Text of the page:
Caught Up With Mark McMorris

Mark McMorris Snowmass Photo Nick Hamilton
Mark McMorris Snowmass Photo Nick Hamilton
Mark McMorris Beijing China Photo Adam Moran
Mark McMorris ONeill Evolution Photo Frode Sandbech
Mark McMorris Burton European Open Photo Adam Moran
Mark McMorris TAC Photo Adam Moran
Mark Mcmorris Snowpark NZ Photo Frod Sandbech
Mark McMorris Snowmass Photo Nick Hamilton
Mark Mcmorris X Games Big Air Photo Chris Wellhausen
Mark McMorris Snowmass Photo Nick Hamilton

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Mark McMorris Photo Nick Hamilton

Mark McMorris Photo Nick Hamilton

Caught Up Mark McMorris

Mark McMorris is a fast eater. He once knuckled a jump and shit his pants. Instead of changing, he wanted to take another run. Is that passion? Is this a harsh intro? Mark competes a lot. Does that make him a contest kid? Yes. No. He got a Silver Medal at his first Winter X Games. He's having fun. The 17 year-old just came up with the backside double cork 1440. He stomped it third try (on a park jump at Snowmass, Colorado.) What you think of the trick or triples in general is your opinion, just recognize that there's a lot more to Mark McMorris than this one trick. One hit wonder? Don't think so.

Okay, the backside triple cork 1440. How long had you been thinking about doing this trick?

I guess after Torstein did it. I've been doing a variation of the double cork back ten for quiet awhile and nobody had tried it, so I just wanted to see what would happen if I just started it like a back ten but go a little further, hold my grab--I don't know. The first one I just didn't start as flippy, I kinda did a backside fourteen double and just fell. It kinda made sense so I just eased my way into it on the next two. I did it with no injury, so that's cool.

Break the trick down.

It's totally different than doing the double. Right from the takeoff you need to give it a lot more. You can't scrape, you need to get more pop than usual, you need to try to get your grab as soon as you can, so you're in a small position. It's like you need to know you're going to try it from the takeoff.

What's the most critical point in the trick?

After the second cork you can kinda spot it, so you really just need to trust yourself to go for it. You can't let go of your grab and look, you need to just hold on. Commit to it.

Billabong Air And Style. Photo Christian Brecheis

Billabong Air And Style. Photo Christian Brecheis

Over the last year you've gone from basically unknown to standing on international podiums. How are you handling this new life?

It's been good. I don't want to say I knew it was going to happen, but I had a good idea that I could get here. You know, I had the tricks, I just needed to work on style factor and consistency and then linking it all together. I worked really hard last summer and picked up some new sponsors ... I've been able to go so many different places in the last year. I have a lot of people to thank for the support. Like, sitting on my couch two years ago watching all these movies, I didn't really think it was possible--and it's happened so fast--I'm just going with the flow.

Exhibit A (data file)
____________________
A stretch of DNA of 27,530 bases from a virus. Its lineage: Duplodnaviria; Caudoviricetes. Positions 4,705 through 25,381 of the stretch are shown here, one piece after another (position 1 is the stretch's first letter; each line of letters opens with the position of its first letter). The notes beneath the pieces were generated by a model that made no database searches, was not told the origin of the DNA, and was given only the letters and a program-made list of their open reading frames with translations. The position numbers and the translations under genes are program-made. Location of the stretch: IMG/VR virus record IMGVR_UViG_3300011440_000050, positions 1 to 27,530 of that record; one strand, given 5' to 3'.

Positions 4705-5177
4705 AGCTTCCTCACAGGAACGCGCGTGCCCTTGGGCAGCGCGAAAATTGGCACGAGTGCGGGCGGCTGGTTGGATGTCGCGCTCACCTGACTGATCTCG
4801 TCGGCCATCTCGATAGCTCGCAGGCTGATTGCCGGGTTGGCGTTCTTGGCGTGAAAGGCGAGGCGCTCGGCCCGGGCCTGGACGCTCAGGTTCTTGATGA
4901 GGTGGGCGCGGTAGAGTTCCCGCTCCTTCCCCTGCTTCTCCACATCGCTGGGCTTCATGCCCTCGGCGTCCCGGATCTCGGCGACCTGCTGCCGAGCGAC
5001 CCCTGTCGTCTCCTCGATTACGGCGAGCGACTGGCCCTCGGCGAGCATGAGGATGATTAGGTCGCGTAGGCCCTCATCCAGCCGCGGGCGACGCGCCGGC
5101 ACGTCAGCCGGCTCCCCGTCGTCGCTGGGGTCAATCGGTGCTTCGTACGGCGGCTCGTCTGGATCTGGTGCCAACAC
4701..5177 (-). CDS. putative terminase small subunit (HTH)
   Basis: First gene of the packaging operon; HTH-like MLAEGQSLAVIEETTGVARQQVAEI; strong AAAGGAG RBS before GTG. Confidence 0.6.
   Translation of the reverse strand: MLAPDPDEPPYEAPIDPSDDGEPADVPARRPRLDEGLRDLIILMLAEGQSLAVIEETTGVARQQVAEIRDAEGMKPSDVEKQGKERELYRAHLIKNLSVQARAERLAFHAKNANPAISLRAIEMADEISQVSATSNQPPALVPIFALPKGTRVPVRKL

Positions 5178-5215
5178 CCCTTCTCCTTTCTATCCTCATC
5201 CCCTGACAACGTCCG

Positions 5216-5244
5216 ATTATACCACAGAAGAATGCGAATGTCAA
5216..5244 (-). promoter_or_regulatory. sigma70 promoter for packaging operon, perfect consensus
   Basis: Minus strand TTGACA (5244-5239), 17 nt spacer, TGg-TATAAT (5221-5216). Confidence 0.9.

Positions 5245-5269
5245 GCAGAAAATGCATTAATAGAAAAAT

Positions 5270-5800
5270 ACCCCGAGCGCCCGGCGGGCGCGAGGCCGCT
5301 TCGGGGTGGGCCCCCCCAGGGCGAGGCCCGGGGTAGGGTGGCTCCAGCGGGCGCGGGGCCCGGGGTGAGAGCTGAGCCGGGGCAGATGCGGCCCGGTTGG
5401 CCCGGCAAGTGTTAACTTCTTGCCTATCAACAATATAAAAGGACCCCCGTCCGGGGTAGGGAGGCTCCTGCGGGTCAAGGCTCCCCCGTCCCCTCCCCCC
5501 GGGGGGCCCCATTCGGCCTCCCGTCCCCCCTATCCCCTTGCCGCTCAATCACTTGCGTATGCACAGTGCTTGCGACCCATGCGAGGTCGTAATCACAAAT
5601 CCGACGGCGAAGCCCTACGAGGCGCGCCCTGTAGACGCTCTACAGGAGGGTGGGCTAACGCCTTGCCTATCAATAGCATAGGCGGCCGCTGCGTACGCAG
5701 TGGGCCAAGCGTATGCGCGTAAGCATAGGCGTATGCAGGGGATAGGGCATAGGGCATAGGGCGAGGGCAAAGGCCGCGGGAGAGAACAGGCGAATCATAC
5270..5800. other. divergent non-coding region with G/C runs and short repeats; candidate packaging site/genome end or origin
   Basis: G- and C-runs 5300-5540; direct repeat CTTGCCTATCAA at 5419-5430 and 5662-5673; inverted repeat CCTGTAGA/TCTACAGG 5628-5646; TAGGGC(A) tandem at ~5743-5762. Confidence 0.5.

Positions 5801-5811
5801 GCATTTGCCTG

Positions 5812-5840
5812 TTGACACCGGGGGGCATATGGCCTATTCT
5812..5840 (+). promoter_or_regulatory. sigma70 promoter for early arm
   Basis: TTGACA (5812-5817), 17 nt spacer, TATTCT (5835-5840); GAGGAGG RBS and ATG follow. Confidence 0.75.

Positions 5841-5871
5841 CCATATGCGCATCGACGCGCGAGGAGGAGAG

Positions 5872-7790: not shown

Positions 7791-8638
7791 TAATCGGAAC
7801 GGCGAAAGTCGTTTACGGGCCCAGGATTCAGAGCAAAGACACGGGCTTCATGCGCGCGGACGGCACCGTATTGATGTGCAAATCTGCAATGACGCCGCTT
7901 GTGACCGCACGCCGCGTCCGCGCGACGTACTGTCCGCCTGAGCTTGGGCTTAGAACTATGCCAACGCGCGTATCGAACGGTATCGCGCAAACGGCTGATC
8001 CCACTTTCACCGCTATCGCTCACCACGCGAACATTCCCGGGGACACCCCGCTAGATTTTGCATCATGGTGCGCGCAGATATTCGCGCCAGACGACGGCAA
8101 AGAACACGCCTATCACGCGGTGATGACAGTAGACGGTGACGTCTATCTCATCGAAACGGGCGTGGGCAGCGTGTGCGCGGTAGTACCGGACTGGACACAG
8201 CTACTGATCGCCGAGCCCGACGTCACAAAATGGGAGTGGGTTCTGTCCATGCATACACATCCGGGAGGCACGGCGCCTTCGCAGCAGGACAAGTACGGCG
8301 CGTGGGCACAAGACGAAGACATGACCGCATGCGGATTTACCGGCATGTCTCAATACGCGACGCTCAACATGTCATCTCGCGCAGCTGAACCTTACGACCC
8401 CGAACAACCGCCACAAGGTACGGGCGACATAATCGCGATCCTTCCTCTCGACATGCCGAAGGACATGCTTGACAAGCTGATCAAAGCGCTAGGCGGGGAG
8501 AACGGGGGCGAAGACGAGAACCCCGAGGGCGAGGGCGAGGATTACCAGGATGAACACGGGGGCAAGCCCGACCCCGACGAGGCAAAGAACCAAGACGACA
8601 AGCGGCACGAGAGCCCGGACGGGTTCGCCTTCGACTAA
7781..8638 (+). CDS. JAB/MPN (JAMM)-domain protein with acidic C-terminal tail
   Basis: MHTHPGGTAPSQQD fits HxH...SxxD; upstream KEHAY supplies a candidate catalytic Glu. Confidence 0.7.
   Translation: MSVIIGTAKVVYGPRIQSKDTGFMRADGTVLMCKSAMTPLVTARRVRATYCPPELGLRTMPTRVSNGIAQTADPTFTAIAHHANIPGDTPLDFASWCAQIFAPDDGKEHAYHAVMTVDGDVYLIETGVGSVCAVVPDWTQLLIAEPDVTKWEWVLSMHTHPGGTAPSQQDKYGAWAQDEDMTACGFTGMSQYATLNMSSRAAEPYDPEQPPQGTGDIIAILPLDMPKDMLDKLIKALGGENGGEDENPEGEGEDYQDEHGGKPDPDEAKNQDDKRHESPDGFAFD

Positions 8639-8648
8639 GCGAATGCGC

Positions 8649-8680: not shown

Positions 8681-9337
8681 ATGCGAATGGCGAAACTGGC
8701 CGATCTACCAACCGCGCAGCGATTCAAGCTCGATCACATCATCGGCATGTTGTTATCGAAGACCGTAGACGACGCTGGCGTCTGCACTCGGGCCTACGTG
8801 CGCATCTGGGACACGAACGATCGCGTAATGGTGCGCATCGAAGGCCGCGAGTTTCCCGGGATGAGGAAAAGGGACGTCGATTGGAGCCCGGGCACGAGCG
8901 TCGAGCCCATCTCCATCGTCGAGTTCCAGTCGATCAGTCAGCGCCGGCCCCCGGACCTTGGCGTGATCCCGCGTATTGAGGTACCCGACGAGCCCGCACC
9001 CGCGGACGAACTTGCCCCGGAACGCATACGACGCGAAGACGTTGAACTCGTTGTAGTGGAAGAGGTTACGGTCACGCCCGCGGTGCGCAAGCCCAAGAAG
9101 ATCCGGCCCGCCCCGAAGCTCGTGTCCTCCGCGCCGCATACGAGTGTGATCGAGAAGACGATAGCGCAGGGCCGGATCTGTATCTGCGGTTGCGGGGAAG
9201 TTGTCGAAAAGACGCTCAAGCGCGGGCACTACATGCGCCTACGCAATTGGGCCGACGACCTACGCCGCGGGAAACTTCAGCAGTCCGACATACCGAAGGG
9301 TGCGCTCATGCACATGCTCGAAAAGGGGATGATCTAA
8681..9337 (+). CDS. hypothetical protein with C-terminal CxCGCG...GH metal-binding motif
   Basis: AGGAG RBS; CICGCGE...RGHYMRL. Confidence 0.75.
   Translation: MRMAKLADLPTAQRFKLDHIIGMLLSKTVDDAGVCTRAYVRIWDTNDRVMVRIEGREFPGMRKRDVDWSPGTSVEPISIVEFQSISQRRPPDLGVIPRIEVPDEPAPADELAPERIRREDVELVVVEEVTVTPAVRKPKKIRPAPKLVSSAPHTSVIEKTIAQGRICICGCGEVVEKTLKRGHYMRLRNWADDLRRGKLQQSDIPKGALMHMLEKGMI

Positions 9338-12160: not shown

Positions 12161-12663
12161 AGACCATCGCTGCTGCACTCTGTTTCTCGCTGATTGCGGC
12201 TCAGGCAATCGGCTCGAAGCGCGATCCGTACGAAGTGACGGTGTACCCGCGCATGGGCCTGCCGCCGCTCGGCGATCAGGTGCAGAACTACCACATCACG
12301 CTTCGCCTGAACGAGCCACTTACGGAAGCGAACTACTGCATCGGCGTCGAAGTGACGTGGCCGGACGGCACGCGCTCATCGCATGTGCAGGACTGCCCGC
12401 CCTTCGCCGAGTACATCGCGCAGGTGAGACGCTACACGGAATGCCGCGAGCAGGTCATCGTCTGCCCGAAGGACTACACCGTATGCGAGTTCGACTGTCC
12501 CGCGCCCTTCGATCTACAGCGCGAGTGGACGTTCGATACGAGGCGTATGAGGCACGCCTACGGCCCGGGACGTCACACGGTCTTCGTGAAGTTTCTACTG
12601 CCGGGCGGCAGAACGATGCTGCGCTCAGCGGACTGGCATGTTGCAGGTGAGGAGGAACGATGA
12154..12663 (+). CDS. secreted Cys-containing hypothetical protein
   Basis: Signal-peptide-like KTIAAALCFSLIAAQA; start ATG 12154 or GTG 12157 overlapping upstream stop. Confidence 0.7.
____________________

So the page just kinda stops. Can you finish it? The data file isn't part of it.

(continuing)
Good contests this season:

The Arctic Challenge--I kinda blew it but it was really fun there: the course, a really good riders field. X Games slopestyle--it was my first time, so it meant a lot. The riding level was insane and I did well--good weather, such a good course. I felt like I did one of my best runs and three of us young guys were on the podium--it was cool.

Are your friends in Saskatchewan following what's going on with you?

Yeah--people are starting to find out because of TV coverage I've been getting. They don't think it's a joke anymore. Its cool my friends watch the webcasts and TV ...

Has your brother Craig been a big influence on you?

I wouldn't be anywhere without Craig... when we were young, if he did a flip I had to do a flip. If he did a 360, I had to try it. He was always pushing me to try stuff--or I was the loser of the group--so I tried to do what he did and then at some point I was doing tricks he couldn't do but then he learns them--it's just like a back and forth battle. It makes it fun for both of us. When we ride we're always having these little mini-battle on the rails or the jumps. We're always just trying to push each other in the best direction we can.

First board: An LTD --like a 135, it was way too big. Kemper boots. The boots fit well. I was six. We were in Lake Louise. We saw it and we were like, we're doing that we're not skiing.

Favorite Rider: When I was really young, I thought JP Walker was the sickest rider--he's still sick. In the last four years the person that's influenced me the most--with powder, parks, and rails--is Torstein. With his style and progressing the sport and keeping the focus on style.

Best Video: Technical Difficulties. I thought that was the sickest movie ever. And then Follow Me Around--by far my favorite movie. Eero's [Ettala] part when he did the double backside rodeo ten!

Favorite tricks: Backside five Indy and front three stale fish.

Worst trend in snowboarding: Riding in jeans. Aren't you cold on the slopes? Your jeans get wet.

What are your plans after the contests wrap up for the season?

Film, film, and film. I'm doing three Burton shoots and a shoot with Travis' movie The Art Of Flight. Maybe even a heli trip ...


And Mark's Fan Page HERE

Mark’s Sponsors are: Burton, Red Bull, Matix, DVS, Oakley, The Source